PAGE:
February 23, 2015
Mindfulness-meditation reduces stress
Previously I wrote about the emerging research into the health benefits of MM. That MM has health benefits has become clear from overview studies like this one and this one. There is also research which shows that MM leads to structural (anatomic) changes in the brain, such as this study (thickening of the right insula and somatosensoric cortex), this study (forming of gyri), this study (higher density of grey matter in the hippocampus, the posterior cingulate cortex, de temporo-parietal junction and the cerebellum), this study (looser connections between the dmPFC and the insula and amygdala). Also, there is research which shows that MM reduces blood pressure and the experience of stress. Taken together, studies such as these suggest that MM causes all sorts of good things to happen but there is no clear overarching theory about how MM triggers these positive effects.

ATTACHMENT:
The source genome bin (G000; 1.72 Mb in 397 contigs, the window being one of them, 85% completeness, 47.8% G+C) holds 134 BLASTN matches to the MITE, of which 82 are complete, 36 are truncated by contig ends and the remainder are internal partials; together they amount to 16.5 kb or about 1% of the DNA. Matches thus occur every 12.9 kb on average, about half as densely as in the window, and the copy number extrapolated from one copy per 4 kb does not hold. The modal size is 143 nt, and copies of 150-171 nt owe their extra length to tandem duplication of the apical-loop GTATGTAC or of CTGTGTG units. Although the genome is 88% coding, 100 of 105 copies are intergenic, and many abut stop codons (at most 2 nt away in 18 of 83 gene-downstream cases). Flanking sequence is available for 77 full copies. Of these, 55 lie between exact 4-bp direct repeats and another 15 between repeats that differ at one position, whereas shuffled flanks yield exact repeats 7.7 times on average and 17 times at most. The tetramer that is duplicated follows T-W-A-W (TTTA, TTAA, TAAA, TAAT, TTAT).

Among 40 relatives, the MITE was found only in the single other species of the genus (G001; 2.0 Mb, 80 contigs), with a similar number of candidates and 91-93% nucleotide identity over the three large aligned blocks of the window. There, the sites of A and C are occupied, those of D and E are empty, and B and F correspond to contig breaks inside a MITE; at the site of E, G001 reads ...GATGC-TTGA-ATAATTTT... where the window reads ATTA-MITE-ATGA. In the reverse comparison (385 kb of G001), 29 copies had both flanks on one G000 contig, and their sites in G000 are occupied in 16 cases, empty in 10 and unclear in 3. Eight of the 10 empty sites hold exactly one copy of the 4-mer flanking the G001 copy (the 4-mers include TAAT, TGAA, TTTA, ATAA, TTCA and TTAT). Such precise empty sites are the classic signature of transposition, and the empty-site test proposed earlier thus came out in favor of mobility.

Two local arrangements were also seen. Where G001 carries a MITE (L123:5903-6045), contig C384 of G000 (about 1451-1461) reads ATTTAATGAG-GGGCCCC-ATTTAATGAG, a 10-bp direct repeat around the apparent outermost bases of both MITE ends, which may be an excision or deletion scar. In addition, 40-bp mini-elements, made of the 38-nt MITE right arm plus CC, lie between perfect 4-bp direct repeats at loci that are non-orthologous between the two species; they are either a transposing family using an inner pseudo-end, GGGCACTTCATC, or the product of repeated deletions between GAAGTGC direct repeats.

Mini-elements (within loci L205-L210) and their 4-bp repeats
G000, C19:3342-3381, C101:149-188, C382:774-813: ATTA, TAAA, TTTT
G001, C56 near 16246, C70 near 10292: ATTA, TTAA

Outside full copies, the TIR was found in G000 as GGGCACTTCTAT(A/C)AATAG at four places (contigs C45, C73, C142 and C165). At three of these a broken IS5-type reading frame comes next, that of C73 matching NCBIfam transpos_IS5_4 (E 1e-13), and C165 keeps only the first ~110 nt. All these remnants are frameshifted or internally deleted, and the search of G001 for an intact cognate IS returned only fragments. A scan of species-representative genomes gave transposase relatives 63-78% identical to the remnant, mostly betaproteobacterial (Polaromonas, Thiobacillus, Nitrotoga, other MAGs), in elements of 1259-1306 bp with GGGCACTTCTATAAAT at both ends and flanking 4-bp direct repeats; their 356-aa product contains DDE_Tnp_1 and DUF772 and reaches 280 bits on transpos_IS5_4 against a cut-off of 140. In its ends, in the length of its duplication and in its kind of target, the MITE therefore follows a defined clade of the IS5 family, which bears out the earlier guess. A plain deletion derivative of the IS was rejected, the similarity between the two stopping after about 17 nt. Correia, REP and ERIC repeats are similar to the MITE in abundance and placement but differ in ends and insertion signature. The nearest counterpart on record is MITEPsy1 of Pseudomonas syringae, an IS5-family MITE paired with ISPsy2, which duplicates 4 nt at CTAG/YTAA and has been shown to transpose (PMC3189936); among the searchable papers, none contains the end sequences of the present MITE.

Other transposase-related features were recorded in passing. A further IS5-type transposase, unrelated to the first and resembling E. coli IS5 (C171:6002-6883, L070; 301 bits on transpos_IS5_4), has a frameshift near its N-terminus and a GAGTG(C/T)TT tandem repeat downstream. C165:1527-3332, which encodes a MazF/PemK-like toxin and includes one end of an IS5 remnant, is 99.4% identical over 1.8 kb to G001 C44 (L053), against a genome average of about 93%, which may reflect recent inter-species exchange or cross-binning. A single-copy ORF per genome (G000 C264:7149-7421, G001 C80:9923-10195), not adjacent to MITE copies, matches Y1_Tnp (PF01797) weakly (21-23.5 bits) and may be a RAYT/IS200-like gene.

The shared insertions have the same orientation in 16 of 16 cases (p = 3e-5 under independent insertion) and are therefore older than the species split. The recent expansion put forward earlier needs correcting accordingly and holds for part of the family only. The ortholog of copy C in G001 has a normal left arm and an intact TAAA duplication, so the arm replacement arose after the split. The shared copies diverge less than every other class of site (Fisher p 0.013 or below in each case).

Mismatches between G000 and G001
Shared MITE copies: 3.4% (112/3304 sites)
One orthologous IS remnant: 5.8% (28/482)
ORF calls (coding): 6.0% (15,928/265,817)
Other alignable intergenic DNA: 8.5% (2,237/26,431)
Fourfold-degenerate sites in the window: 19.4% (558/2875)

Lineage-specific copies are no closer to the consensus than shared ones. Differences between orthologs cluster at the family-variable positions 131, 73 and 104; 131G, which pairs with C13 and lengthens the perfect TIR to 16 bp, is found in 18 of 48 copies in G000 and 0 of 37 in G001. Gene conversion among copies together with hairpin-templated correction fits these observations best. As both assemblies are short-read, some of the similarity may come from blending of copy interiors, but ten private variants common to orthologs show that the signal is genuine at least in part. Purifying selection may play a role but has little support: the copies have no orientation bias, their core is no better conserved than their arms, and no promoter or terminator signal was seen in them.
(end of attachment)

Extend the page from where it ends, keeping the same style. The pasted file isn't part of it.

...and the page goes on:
Researchers Creswell and Lindsay (2014) have come up with such an attempt to provide an integrative explanation of MM's effects. They have developed a model which suggests that MM mainly improves health by reducing stress. Under stress the activity of a person's prefrontal cortex (which is important for thinking and planning) is reduced while at the same time the person's activity in structures like the amygdala, the hypothalamus, and the anterior cingulate cortex (areas involved in activating the stress response) are increased. Excessive and chronic stress increase the risk of health problems such as heart diseases and depression. MM, according to the authors, in essence does two things which explain its effectiveness: (1) increasing the activity of neuronal pathways in the brain involved in regulation, (2) reducing the activity in the brain of pathways in the brain involved in stress-reactivity. The figure below shows their model (more details can be read in the article):
Author: Coert Visser